When spouses in Tennessee divorce, they may choose to incorporate a spousal support agreement into their final divorce decree. They may come to terms on how much money one party should pay to the other and for how long those payments should continue. If the parties do not work out such matters on their own, one of the parties may ask their family law court to award them spousal support from their soon-to-be ex-partner.
Spousal support is generally awarded when one of the parties to a divorce will be financially disadvantaged by leaving their marriage. This may be because the requesting party gave up their paying job to become a stay-at-home parent or because the party that will pay spousal support earns significantly more money than the other. Before spousal support is awarded, though, a court will carefully analyze if such an action is warranted.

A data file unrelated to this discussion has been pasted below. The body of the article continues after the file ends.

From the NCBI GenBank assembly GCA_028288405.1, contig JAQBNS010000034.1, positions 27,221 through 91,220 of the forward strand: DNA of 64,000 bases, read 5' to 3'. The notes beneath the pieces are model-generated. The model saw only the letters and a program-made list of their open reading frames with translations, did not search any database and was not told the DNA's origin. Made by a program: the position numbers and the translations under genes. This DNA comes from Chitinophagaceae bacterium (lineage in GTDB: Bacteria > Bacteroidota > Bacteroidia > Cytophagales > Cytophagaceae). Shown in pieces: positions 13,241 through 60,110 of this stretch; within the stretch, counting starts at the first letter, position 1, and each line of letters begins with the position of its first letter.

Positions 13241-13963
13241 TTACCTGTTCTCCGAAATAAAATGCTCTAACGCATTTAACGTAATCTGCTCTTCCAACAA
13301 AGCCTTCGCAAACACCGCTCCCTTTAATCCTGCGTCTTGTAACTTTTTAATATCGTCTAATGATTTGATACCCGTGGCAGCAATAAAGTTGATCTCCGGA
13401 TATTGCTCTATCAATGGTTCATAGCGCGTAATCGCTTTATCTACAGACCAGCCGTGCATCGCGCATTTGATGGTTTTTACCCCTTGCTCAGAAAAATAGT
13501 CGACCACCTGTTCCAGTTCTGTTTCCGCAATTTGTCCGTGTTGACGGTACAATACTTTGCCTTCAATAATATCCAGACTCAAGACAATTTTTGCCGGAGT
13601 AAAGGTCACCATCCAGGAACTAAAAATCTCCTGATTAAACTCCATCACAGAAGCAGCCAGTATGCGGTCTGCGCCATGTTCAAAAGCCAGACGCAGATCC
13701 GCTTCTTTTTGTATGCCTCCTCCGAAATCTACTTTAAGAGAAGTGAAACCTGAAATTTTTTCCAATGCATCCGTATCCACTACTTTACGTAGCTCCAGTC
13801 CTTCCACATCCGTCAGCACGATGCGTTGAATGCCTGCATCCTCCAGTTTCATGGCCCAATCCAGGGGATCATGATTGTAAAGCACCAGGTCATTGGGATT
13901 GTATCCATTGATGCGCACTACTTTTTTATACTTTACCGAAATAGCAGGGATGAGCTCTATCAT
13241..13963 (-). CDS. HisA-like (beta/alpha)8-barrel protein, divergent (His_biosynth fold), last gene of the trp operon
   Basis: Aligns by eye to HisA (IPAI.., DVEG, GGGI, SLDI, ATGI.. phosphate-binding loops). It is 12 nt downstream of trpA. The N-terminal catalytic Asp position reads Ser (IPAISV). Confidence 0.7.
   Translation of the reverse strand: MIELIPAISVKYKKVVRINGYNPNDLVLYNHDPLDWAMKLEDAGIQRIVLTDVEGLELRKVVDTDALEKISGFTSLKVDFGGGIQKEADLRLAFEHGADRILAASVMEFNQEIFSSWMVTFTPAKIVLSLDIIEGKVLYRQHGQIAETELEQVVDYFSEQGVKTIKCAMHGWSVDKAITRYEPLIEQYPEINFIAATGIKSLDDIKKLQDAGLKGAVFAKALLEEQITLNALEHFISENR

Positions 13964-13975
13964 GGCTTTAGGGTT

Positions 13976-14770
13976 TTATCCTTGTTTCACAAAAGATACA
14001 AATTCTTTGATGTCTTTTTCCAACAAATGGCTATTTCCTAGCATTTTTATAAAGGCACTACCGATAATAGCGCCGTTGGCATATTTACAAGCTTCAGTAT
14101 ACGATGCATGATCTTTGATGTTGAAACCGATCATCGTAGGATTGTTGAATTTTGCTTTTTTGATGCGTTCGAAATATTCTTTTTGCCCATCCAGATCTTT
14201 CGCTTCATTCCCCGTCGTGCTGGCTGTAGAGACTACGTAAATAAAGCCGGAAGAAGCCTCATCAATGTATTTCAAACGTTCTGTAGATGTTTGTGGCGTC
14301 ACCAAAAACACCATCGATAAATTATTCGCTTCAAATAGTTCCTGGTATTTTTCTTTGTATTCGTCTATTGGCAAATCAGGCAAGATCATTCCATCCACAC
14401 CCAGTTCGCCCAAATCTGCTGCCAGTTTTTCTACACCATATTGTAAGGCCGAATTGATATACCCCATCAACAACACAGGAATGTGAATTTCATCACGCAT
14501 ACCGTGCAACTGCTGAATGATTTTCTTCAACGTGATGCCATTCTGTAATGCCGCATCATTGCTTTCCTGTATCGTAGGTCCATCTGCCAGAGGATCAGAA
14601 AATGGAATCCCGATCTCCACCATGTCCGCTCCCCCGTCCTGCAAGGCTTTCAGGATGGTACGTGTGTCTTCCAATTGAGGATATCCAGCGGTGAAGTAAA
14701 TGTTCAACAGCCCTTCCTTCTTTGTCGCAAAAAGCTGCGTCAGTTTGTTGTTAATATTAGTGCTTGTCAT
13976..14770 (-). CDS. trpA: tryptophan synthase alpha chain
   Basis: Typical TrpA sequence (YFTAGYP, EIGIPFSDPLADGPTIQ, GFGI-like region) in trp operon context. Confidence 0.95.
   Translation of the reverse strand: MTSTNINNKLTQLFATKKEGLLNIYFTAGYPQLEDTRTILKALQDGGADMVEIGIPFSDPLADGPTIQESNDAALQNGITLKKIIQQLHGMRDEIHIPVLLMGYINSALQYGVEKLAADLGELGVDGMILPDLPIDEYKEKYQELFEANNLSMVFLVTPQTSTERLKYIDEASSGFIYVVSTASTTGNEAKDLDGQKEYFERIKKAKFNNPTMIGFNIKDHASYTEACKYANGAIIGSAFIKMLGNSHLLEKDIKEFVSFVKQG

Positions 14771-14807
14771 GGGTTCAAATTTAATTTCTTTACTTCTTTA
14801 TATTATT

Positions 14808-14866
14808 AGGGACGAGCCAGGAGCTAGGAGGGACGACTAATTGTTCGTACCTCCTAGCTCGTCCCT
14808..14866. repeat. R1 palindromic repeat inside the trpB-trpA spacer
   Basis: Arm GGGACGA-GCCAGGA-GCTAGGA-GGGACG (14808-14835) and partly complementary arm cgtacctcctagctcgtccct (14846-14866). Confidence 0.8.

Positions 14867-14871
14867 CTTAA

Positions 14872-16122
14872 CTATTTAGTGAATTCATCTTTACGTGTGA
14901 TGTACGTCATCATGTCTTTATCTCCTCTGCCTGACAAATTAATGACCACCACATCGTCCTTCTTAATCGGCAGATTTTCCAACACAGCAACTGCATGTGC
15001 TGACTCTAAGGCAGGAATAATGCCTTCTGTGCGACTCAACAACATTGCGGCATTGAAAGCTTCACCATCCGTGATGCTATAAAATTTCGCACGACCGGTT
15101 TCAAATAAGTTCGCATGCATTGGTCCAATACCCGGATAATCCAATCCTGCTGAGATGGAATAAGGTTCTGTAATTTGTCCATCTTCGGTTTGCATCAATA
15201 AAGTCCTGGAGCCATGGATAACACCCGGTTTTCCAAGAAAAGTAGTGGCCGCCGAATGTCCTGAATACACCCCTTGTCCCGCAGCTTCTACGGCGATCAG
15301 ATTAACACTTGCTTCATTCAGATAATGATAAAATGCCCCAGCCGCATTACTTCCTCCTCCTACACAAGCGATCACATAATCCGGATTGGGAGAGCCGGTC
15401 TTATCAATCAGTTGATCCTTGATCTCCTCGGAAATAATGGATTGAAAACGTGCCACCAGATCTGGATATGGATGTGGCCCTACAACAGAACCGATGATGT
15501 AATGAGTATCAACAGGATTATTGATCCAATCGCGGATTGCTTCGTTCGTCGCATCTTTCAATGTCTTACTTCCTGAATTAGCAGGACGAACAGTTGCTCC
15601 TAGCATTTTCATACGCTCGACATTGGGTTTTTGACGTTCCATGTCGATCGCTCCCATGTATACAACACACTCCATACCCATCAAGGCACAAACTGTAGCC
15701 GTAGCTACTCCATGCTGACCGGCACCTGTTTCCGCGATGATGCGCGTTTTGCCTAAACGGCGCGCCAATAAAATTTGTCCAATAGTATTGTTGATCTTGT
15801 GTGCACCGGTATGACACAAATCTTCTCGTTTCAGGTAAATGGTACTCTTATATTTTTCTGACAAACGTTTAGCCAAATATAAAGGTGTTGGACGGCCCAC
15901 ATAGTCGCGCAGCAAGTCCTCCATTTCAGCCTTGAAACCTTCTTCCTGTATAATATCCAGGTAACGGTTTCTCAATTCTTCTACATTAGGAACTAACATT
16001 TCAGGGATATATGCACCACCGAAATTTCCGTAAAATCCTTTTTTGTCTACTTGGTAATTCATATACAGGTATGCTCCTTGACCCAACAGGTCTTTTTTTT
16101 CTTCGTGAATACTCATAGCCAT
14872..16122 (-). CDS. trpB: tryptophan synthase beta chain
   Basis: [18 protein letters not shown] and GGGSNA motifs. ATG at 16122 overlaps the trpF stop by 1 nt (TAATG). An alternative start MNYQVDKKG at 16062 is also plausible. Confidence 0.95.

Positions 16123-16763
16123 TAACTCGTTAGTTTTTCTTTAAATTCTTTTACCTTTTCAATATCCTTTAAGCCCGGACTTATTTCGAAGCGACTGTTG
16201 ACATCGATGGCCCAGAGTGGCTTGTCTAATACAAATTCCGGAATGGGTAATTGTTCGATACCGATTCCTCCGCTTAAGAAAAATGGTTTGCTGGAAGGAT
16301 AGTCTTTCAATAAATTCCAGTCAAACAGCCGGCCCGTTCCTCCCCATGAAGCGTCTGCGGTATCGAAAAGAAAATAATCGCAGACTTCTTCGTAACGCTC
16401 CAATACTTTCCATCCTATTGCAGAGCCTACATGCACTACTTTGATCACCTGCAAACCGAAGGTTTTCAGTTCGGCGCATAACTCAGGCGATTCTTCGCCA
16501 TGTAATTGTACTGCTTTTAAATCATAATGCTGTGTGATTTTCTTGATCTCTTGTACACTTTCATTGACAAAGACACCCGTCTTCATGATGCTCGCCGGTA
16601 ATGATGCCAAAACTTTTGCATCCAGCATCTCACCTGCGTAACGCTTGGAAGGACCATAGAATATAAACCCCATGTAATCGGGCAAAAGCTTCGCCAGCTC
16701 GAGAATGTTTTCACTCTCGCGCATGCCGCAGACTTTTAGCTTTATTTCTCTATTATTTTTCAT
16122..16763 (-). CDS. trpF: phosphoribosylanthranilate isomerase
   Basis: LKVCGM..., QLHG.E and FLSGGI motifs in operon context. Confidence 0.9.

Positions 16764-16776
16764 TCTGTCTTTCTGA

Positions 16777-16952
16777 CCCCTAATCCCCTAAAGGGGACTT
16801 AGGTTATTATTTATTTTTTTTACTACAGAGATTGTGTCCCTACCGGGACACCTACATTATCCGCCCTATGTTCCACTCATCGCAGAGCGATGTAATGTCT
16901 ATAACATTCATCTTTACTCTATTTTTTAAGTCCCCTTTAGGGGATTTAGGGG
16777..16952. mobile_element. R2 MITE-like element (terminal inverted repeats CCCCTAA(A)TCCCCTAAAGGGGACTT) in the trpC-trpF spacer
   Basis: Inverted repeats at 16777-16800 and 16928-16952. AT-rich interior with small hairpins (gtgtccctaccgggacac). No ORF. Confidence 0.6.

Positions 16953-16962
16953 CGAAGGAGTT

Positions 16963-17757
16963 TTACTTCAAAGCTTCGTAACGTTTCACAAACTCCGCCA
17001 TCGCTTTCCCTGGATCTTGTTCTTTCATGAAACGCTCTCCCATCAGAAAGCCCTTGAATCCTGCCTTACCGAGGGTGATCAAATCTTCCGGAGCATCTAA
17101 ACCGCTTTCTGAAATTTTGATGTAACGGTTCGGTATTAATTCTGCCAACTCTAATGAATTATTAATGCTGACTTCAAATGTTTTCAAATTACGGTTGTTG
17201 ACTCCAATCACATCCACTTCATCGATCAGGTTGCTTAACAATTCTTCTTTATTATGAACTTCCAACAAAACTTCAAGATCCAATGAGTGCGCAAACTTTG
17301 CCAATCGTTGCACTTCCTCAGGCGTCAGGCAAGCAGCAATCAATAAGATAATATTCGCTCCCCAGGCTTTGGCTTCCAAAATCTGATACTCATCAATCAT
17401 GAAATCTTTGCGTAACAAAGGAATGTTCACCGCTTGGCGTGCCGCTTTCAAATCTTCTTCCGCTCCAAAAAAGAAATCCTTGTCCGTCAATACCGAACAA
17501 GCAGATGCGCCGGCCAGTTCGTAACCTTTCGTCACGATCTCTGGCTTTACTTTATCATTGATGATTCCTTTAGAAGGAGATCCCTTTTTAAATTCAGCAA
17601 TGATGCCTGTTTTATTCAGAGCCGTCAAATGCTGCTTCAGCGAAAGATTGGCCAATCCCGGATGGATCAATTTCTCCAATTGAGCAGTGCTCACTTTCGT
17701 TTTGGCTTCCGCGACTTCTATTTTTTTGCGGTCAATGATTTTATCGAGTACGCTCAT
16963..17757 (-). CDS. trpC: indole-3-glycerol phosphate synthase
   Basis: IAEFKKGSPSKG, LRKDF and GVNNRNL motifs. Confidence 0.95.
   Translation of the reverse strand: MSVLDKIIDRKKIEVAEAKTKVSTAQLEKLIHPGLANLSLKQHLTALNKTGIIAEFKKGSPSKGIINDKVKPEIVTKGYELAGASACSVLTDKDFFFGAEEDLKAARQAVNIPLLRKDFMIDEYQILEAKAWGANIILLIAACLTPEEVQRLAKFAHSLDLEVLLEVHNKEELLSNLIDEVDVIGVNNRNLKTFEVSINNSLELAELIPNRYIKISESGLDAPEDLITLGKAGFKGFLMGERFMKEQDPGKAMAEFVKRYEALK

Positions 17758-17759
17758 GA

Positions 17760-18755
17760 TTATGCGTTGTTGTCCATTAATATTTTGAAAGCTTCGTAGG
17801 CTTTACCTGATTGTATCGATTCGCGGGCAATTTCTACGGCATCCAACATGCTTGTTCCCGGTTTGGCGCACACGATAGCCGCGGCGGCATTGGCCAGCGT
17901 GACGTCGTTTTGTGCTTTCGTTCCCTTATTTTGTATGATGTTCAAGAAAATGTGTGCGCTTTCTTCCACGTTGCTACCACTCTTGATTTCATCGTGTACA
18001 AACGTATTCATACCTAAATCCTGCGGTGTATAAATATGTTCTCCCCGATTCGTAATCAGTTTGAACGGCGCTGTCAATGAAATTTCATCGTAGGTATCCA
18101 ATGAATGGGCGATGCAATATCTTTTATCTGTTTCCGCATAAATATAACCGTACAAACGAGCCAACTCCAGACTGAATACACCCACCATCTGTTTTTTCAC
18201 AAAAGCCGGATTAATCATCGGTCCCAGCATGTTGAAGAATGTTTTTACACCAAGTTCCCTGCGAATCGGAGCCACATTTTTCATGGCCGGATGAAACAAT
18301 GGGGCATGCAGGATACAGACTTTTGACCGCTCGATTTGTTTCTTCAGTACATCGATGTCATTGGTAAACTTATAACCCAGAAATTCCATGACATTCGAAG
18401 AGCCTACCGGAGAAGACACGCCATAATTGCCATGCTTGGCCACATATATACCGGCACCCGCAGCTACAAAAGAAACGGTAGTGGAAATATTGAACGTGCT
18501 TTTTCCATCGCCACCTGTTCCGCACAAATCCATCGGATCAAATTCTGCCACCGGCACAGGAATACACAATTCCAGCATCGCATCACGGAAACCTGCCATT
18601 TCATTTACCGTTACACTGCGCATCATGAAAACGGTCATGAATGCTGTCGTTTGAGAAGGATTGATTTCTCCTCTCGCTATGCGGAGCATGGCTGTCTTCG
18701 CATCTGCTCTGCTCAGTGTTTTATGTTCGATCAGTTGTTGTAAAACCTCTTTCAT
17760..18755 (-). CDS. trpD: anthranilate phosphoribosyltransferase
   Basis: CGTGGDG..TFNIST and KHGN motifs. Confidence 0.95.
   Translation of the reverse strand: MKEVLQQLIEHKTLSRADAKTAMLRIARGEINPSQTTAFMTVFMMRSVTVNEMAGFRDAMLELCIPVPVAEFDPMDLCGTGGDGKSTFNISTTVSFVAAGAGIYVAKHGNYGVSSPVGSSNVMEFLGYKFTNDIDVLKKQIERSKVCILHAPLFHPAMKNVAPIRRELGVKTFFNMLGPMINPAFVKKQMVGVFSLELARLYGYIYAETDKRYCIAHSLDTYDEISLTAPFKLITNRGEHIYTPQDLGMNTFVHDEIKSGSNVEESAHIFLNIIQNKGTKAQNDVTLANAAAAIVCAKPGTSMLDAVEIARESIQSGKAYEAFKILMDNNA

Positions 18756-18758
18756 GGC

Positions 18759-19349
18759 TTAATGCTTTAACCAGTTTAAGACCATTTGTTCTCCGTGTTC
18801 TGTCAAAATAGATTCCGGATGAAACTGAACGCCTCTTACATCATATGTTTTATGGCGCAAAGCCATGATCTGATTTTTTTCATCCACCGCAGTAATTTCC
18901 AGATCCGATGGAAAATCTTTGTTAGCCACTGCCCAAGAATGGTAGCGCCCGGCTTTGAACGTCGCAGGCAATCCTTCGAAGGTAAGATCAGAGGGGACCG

The court will look at the parties' incomes and their prospects for gaining employment when the marriage is officially over. It may investigate the property that the parties will retain after their marriage is over and what standard of living they enjoyed while committed to their union. The court may also consider how long the parties were married and if the party who is asked to pay will be able to take care of themselves if they are ordered to pay their ex support.
If a court cannot justify the payment of support from one party to the other then the request of the prospective recipient may be denied. Spousal support is not a right, and only in cases where it is warranted will courts order its payment between divorcing partners.